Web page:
Thad wrote:There's probably a dissertation somewhere in comparing Dr. Venture's "Brock, am I...a bad person?" (not from this episode but pretty relevant to it) to Wreck-It Ralph's "You are bad guy, but this does not mean you are bad guy" to Moffat-era Doctor Who's play with the question of whether the Doctor is a good man.
I believe the fundamental difference is that Dr. Venture leads mostly an unexamined existence, coasting into whatever he feels like doing because he is the Hero, the Man of Action, the Great White Man who is morally superior. This he believes despite any action on his part: Dr. Venture is the embodiment of privilege, not only in physical possessions but moral purpose despite any lack of action that would justify this morality.
The Doctor is kind of the opposite in that while Dr. Venture is a man of inaction, the Doctor is a man of overaction. The Doctor is a kind of drama vortex that pulls the entire plot towards him: where he goes, problems will get solved, empires will be toppled, things will change. And so the Doctor must constantly employ this for the sake of the oppressed.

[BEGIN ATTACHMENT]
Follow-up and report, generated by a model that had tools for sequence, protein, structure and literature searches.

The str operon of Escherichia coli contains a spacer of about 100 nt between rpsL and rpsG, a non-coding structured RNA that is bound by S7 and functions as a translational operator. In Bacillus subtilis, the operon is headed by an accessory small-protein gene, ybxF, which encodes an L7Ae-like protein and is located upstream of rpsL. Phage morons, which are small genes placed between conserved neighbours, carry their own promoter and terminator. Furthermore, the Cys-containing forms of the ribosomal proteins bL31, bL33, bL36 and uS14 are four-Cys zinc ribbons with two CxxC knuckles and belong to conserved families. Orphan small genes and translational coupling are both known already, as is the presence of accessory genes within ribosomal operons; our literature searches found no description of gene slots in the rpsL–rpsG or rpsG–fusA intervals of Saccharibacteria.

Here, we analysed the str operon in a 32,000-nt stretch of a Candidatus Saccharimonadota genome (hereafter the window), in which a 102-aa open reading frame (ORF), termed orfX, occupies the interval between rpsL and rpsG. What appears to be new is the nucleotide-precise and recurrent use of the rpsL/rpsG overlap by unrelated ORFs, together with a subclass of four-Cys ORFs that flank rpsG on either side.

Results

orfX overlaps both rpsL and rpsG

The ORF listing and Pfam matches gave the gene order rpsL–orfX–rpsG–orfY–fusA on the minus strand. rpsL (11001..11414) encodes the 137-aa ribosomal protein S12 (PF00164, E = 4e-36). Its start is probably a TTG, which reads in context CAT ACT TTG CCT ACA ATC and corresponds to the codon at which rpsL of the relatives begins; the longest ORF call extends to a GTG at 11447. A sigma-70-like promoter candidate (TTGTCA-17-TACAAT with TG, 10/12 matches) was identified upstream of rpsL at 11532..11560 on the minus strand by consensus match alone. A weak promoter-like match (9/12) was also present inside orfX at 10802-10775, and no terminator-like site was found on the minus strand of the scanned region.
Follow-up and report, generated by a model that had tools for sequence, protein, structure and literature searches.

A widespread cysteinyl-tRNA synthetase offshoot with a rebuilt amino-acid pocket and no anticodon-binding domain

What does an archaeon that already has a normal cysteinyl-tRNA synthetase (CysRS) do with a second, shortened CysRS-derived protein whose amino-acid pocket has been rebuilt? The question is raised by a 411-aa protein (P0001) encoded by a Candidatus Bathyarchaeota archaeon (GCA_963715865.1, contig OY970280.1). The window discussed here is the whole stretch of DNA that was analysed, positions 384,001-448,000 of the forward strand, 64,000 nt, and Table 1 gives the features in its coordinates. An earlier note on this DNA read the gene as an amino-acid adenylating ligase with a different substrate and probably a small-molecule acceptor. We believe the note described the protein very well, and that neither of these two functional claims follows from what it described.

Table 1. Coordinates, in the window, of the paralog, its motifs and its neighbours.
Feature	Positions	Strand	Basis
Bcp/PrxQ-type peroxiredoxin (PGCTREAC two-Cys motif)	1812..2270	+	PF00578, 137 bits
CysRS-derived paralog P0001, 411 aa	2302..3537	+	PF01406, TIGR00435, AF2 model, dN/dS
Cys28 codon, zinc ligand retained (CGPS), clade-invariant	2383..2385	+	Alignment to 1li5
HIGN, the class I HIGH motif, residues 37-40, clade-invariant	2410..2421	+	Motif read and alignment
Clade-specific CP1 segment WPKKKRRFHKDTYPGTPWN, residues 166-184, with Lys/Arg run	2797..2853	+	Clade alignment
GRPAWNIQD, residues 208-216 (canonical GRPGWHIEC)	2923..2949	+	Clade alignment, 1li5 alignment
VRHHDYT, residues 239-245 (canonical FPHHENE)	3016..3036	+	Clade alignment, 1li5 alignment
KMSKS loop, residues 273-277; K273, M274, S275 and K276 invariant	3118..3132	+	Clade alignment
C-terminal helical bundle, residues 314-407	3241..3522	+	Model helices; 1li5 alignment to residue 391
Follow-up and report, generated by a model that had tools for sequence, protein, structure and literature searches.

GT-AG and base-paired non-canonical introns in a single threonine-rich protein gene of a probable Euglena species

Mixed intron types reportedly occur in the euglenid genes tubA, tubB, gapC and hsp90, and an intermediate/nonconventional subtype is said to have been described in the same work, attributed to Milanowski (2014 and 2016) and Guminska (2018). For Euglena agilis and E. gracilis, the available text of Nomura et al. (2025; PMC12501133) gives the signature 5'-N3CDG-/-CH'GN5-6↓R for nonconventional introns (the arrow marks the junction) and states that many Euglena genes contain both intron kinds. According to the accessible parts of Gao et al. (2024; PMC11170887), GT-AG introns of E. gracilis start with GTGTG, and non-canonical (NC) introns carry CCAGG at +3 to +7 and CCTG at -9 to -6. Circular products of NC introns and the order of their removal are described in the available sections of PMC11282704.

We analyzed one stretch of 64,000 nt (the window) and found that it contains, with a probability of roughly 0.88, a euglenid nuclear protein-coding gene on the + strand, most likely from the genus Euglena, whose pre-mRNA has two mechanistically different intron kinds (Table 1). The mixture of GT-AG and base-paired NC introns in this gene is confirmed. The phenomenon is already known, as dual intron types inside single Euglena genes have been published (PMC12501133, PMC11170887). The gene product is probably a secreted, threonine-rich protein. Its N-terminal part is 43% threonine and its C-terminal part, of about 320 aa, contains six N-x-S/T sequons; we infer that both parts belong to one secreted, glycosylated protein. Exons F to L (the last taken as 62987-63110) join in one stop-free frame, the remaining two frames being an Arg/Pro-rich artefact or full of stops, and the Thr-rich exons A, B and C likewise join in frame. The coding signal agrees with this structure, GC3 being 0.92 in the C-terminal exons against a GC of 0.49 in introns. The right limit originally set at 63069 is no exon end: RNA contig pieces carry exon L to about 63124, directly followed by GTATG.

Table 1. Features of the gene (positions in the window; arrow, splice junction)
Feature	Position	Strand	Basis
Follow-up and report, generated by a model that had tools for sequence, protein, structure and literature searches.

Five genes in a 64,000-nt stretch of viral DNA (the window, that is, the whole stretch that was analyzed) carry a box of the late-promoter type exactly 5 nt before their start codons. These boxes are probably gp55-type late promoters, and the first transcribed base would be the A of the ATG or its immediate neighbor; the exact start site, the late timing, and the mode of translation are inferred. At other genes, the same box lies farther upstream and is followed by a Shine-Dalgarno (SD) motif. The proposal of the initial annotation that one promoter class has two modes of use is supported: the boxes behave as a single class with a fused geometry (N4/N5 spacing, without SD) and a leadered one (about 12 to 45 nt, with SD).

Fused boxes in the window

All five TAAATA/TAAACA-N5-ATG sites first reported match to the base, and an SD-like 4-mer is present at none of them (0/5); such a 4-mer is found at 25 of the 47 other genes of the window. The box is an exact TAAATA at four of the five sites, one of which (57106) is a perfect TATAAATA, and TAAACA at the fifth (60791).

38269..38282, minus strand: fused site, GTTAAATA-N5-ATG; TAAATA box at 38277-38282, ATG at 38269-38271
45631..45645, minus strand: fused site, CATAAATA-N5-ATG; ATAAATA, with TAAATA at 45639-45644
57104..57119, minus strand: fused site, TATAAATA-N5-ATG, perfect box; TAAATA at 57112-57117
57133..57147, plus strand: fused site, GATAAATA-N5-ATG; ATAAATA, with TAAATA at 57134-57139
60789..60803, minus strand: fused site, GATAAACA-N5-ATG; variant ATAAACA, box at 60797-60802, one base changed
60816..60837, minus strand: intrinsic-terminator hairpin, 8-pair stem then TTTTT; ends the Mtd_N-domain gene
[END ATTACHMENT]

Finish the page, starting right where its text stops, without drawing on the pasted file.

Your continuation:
So you could reduce the philosophy of both to this: If you have sufficient power, even a neutral/selfish stance is morally wrong, because with sufficient power, you hurt others without noticing.
Wreck-it Ralph shares with Dr. Venture in that both have mostly theatrical roles. Dr. Ventrue is assigned the role of Action Boy and super-scientist but doesn't really want to be anything. Ralph is assigned the role of Villain, of destroyer in a perpetually regenerating and cycling world: hating Ralph is as pointless as hating the wind. Yet he tries to fight his fate, and that's why he's a 'hero' and Dr. Venture is an invertebrate.
(insert something about privilege and the untouchable castes here)